Ezra Bebop, Contributor
In the 2010s, an ever-progressive shift in American culture was beginning to bloom, and with it a shift in the focus of pop culture and the arts. Black voices rang louder than ever, pushing societal barriers and breaking world records in every medium, especially those of queer Black artists. In honor of this past Black History Month, let’s look back at just a few of the many beautiful Black artists that made their mark in the 2010s.
- Lil Nas X –Old Town Road
Needless to say, 20-year-old gay country/hip-hop artist Lil Nas X has carved an irreplaceable name for himself as a celebrity. His breakout hit “Old Town Road” stayed #1 on the Billboard Hot 100 list for 19 months, setting a new record. Lil Nas X stands as a beacon for young queer POC artists, not only as an entertainer but also as a leader.
- Lizzo- Cuz I Love You
After her local rise to fame in Minneapolis, Lizzo skyrocketed into the forefront of pop in the 2010s, ending the decade by releasing her third studio album, “Cuz I Love You” which is the first album ever released that is impossible not to dance to. Lizzo pushes body-positivity and self-love, signified by her empowering music and confident attitude.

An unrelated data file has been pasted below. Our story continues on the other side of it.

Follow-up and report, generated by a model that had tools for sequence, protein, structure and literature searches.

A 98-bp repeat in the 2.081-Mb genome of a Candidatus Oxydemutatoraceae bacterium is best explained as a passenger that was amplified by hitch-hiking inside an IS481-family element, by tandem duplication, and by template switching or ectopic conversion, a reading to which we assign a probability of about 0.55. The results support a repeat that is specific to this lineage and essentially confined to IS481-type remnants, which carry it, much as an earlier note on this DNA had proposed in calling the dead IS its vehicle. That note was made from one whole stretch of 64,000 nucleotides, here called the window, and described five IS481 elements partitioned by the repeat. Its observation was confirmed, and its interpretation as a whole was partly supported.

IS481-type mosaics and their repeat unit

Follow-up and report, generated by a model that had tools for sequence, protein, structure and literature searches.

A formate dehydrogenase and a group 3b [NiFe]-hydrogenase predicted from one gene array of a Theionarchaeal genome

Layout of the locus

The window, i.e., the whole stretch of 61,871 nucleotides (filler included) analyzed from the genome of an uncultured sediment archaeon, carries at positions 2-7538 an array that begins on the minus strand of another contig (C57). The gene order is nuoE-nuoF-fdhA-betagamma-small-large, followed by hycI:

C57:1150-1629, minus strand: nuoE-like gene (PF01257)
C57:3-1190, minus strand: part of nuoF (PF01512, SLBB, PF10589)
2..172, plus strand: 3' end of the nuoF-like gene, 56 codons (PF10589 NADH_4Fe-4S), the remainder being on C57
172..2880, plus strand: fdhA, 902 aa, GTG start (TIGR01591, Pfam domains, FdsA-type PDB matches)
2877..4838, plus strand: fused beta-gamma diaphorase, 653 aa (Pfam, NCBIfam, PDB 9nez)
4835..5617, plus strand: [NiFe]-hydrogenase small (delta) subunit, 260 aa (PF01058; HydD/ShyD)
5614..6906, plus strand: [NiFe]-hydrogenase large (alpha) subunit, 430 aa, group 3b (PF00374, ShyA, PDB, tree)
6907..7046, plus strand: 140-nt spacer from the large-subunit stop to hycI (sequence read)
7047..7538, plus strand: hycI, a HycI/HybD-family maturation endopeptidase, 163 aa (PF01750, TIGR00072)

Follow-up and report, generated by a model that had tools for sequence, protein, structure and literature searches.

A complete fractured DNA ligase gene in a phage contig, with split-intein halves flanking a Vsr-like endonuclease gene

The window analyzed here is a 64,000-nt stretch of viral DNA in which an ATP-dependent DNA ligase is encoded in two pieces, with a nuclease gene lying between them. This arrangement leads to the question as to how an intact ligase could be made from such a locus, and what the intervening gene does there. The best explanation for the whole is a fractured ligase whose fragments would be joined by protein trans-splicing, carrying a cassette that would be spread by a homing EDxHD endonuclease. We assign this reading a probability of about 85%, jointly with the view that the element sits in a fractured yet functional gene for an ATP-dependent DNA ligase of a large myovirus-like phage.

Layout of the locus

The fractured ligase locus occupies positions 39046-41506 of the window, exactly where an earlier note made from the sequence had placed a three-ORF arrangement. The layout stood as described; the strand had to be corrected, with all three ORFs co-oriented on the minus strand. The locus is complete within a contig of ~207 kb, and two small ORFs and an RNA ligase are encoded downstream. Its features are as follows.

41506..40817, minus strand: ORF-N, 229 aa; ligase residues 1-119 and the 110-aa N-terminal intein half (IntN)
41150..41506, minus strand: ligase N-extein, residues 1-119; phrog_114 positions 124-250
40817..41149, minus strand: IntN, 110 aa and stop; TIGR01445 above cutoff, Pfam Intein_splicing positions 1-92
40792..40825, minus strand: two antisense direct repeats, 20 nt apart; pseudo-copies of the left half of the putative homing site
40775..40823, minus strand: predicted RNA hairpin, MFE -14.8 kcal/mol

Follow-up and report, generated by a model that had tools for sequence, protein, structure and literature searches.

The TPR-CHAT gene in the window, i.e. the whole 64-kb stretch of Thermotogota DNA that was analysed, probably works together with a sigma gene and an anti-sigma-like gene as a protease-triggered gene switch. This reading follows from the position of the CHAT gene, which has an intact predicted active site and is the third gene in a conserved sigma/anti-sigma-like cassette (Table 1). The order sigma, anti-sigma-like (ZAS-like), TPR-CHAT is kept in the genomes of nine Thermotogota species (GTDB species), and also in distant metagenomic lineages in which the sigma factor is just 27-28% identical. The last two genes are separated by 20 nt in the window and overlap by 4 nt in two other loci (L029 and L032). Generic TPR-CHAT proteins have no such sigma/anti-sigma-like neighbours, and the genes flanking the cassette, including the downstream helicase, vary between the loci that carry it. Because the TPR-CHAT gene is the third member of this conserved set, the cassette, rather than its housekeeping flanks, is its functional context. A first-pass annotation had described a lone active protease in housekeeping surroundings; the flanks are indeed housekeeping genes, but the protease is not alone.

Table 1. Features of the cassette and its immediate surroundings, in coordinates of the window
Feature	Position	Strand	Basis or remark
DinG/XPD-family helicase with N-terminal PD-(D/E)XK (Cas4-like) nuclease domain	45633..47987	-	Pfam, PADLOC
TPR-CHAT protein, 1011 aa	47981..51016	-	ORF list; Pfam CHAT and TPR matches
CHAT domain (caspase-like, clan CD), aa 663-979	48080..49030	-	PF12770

- N.K Jemisin- Broken Earth series
N.K Jemisin, a profound psychologist and author, is a prominent Black voice dominating science fiction and fantasy shelves. Each of the three books in her Broken Earth series won the Hugo Award for best novel for three consecutive years, and Jemisin is the only Black woman to hold an award in that category. Her fiction is Afrofuturist and detailed, and its baffling imaginings of the future always center Black folks’ perspectives. N.K Jemisin has made her voice heard in a space that’s usually homogeneous, making her a leading Black author and artistic pioneer.
- Jordan Peele- Get Out
On the tail end of the successful sketch-comedy series Key and Peele, Jordan Peele shocked audiences with his cathartic horror film Get Out, the most successful debut film project ever (188 million dollars). Jordan Peele has continued his work in the horror genre, releasing a follow up to his 2014 debut with 2019’s Us. Both films center Black protagonists and Black ideas, with Get Out discussing the struggle of interracial dating for POC and Us choosing to envision a strong Black family struggling through a night of doppelganger infested horror.
- Tyler the Creator-Igor
No one has shaken up rap like Tyler the Creator in the 2010s. His early career saw his formation of the group Odd Future, featuring the likes of Earl Sweatshirt and Frank Ocean. Tyler’s bad-boy, self-loving attitude grew as he got older to a more refined sound, and his two latest projects, Flower Boy and Igor, seem to break from sounds of hip-hop and rap altogether. Igor won a Grammy last year. Tyler’s sound and style have inspired countless other rappers to be more colorful in style and sound, expanding past the hyper-masculine tropes of the hip-hop genre. Listening to his full discography is an insightful look into Tyler’s ever-growing sense of maturity and self-worth.